For example, let us say that a school resource officer finds a bomb in a disgruntled high school student’s locker. The defense could argue that obviously, the bomb was not the defendant’s, because he lacked the means to acquire bomb-making supplies and lacked the necessary knowledge to construct the bomb even if he had the means. If the investigators introduce the U.S. Army’s “Improvised Munitions Handbook” taken from the student’s home into evidence, then the defense’s argument crumbles.
Intent. Circumstantial evidence is usually used to show intent because only direct testimonial evidence can reveal the inner workings of the defendant’s mind. So, absent a detailed confession, we are forced to piece together his or her mental state using circumstantial evidence. Most commonly, modus operandi, motive, and threats are used for this purpose.
The phrase modus operandi (MO) literally means “method of operation.” That is, criminals have patterns in how the accomplish their criminal acts. If a new crime is committed using the same behavior patterns that the defendant has used in the past, it is circumstantial evidence that the defendant committed this crime as well. The more novel or bizarre the method, the more compelling the evidence will be. Bizarre behaviors being repeated in multiple crimes are common among sadistic killers and rapists. It can also be important in more mundane crimes, however, such as a burglars signature method of gaining entry into a dwelling.
Motive can also be used to provide the jury with circumstantial evidence of guilt. Usually, motive is not an element of the crime that needs to be proven in order to secure a conviction. All that is strictly necessary is that the defendant did it purposely; the reason is of no legal significance. The reason for committing a crime, however, can be a great aid in helping juries determine guilt. Money, especially large insurance policies, are a common motive for murder and arson. Do not, however, limit possible motives to money alone. Depending on the nature of the crime, motives can be almost limitless. Revenge, retaliation, racial hatred, jealousy, and even entertainment can be motives for crime.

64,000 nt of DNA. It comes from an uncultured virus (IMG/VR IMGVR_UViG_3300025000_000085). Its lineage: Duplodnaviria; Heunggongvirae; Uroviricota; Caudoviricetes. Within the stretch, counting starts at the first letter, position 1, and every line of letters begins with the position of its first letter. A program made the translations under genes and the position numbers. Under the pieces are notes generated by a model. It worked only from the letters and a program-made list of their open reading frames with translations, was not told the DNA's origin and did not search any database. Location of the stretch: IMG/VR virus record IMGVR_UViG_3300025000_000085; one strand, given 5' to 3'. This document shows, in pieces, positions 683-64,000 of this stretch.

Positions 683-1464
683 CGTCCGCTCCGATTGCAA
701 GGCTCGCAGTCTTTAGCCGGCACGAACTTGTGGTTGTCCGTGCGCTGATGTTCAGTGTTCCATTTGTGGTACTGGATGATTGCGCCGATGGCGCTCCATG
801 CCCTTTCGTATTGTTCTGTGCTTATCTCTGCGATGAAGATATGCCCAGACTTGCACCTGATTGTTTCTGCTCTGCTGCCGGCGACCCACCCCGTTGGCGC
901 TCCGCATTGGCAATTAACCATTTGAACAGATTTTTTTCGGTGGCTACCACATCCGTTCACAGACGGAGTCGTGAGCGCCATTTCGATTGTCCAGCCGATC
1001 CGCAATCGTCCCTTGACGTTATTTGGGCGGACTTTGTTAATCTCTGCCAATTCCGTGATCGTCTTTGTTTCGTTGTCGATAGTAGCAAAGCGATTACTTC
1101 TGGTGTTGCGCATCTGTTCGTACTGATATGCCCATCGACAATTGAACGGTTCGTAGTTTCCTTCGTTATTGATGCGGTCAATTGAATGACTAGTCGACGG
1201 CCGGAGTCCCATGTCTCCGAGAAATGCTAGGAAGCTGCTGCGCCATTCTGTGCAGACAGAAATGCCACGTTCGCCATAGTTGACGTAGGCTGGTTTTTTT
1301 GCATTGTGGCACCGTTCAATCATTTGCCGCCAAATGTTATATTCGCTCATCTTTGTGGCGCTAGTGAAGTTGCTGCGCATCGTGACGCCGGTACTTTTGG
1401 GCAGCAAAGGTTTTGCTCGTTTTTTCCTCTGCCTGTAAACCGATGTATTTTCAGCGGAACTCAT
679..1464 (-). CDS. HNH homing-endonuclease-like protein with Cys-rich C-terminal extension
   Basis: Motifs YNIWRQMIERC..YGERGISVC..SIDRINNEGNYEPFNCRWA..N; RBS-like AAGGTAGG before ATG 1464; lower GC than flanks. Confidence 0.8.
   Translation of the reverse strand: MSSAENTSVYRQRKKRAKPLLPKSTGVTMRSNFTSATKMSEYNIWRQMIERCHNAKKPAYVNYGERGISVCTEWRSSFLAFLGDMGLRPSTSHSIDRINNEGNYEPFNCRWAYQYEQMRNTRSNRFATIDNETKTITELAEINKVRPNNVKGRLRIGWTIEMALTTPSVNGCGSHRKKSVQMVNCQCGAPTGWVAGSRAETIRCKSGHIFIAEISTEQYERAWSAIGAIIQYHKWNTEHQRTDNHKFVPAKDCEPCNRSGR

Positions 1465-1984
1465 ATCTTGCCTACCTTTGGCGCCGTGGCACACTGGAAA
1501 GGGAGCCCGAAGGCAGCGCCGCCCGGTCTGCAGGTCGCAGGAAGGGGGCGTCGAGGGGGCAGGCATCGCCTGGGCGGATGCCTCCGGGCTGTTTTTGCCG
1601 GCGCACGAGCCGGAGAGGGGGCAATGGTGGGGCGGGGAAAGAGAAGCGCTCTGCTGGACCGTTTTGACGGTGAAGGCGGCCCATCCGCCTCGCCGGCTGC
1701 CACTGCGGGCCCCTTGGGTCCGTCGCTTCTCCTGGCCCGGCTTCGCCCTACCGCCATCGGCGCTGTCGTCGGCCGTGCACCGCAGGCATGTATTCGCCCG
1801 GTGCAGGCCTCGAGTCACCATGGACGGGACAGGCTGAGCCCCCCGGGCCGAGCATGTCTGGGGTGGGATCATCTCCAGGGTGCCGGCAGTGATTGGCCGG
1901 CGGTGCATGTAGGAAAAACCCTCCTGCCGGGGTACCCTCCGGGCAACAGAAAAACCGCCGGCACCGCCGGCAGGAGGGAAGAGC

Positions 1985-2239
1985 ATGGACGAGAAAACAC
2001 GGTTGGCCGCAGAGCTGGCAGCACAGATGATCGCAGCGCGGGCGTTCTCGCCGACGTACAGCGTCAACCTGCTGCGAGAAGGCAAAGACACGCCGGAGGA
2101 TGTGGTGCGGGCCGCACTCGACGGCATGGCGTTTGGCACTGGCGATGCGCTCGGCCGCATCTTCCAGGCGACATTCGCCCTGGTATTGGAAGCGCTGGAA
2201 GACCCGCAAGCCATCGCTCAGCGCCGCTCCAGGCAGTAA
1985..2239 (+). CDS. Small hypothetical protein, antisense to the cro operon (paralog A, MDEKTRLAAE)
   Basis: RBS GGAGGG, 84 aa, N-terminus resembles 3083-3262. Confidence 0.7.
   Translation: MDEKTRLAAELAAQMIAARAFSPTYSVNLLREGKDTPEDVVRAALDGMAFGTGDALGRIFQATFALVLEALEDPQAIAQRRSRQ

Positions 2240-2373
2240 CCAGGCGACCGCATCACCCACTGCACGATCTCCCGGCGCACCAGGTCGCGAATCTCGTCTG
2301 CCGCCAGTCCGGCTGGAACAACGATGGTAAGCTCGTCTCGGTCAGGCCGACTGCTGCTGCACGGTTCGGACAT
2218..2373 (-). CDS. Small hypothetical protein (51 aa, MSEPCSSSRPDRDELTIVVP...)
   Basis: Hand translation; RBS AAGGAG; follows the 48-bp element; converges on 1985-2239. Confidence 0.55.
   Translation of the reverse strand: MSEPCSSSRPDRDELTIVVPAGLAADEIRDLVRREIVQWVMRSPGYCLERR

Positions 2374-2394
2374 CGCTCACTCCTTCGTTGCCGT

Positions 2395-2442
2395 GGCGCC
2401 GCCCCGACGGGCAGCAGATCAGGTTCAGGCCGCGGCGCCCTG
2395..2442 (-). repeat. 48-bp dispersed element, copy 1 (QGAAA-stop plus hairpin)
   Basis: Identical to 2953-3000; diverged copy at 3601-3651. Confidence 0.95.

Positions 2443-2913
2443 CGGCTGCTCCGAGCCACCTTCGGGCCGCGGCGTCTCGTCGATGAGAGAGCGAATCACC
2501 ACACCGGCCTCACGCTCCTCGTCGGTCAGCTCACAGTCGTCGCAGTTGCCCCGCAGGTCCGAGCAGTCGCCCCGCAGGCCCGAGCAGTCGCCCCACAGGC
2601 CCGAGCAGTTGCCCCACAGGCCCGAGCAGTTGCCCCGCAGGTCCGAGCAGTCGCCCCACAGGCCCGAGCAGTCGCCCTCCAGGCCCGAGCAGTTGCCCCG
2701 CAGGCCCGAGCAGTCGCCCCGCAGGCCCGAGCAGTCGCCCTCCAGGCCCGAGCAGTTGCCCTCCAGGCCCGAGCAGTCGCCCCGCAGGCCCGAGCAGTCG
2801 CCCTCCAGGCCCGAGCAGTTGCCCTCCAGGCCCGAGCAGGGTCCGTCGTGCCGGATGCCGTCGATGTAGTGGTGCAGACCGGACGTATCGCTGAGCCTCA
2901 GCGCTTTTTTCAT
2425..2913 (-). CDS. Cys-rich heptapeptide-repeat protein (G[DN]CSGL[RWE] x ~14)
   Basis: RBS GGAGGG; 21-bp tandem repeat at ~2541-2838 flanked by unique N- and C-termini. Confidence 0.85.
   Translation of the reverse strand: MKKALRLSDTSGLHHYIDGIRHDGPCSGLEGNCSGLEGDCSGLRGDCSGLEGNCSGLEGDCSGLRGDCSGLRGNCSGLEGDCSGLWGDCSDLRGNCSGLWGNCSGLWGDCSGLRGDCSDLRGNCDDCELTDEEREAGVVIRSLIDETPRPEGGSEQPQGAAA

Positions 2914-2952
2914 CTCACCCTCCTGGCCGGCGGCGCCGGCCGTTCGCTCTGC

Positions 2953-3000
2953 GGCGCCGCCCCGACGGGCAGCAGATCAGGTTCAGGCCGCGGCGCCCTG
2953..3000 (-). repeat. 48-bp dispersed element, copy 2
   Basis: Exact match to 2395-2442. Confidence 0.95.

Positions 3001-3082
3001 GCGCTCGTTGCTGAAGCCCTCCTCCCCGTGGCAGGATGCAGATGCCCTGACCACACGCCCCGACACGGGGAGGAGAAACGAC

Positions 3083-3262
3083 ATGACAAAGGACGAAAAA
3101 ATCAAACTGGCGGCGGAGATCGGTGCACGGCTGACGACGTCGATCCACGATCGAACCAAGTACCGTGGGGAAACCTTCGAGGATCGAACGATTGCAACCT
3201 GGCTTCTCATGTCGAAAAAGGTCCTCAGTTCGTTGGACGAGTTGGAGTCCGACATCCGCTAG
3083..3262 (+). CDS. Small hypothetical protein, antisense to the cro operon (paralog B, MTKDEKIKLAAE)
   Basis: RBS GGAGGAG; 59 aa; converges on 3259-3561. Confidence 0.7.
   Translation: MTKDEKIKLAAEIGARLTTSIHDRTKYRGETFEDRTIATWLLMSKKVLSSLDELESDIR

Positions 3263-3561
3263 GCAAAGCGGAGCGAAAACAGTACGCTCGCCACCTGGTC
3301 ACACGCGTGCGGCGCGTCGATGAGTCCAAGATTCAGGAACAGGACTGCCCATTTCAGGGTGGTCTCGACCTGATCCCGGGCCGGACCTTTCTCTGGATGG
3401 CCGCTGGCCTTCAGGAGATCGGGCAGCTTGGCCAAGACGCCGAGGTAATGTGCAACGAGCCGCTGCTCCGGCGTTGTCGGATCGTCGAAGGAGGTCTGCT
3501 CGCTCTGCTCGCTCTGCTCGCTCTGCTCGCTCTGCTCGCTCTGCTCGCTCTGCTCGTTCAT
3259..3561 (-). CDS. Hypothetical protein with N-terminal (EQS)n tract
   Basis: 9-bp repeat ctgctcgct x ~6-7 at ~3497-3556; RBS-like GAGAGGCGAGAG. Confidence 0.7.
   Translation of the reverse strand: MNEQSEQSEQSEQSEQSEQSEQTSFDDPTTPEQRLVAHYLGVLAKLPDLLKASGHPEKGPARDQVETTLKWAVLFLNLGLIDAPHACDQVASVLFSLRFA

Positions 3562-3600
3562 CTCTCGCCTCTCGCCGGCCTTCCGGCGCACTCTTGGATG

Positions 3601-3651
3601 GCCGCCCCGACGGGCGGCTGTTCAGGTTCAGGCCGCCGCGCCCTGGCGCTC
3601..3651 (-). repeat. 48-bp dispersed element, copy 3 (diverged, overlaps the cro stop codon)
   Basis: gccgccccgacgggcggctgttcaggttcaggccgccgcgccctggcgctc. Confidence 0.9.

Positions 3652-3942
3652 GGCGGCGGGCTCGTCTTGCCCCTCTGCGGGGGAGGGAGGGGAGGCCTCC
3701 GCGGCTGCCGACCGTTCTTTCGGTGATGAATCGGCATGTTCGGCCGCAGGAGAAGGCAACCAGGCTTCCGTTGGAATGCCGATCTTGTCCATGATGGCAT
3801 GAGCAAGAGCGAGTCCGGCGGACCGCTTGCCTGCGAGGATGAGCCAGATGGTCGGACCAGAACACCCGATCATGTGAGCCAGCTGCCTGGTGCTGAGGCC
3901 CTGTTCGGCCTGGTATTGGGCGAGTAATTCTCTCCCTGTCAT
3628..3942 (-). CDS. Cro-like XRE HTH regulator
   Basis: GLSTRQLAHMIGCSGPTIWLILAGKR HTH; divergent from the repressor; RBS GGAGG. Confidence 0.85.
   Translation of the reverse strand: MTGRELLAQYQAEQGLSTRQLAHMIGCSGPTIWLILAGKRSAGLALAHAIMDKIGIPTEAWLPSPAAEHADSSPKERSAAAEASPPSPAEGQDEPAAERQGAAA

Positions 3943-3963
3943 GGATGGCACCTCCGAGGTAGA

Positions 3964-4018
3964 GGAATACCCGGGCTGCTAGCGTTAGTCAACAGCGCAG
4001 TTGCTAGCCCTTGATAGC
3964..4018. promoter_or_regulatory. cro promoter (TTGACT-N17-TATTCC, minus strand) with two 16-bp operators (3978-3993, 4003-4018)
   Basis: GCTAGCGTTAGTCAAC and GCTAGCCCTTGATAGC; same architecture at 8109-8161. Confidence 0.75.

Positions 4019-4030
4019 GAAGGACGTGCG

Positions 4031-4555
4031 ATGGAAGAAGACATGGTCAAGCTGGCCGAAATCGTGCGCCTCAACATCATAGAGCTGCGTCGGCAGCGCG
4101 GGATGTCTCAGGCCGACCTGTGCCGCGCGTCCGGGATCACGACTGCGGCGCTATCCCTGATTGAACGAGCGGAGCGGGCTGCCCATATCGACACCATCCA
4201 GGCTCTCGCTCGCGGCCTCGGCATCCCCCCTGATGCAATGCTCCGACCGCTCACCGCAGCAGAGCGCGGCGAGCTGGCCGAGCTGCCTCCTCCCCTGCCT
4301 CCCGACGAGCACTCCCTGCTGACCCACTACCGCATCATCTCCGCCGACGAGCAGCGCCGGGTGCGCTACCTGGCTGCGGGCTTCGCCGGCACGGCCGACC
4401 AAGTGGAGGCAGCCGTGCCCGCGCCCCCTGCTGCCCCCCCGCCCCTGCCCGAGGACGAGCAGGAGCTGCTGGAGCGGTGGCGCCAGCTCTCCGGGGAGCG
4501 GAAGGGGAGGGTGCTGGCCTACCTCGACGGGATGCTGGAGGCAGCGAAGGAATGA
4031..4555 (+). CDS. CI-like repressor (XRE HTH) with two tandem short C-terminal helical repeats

Threats are also useful in proving guilt. When a defendant makes a threat to do something criminal, and then that crime happens, a jury may infer that the defendant did the act. This is not as valuable as it first seems. People often make threats in jest or to “blow off steam,” never intending to actually carry out the threat. Ultimately, the credibility of a threat or a pattern of threatening behavior is up to the jury.
Acting guilty. If the prosecution can show that the defendant acted in a way that is consistent with a guilty person, then the jury may infer guilt. Flight at any stage in the criminal process is often a sign of guilt. Why would an innocent person run from the police or jump bail? If the jury infers that they would not do so, then they might also infer guilt. Juries may also infer guilt from the defendant trying to conceal evidence. For example, if a knife used in an aggravated battery is found in a dumpster with the defendant’s fingerprints on it, the jury may infer guilt. Why else would someone discard a perfectly good knife?
Being caught with the fruits of a crime is a powerful indicator of guilt. Juries can reasonably infer, for example, that the possession of a stolen laptop by the suspect reasonably demonstrates that the person in possession stole it. The possession of wealth that has no legitimate origin can also be used to suggest guilt, at least in financially lucrative crimes such as dealing in narcotics.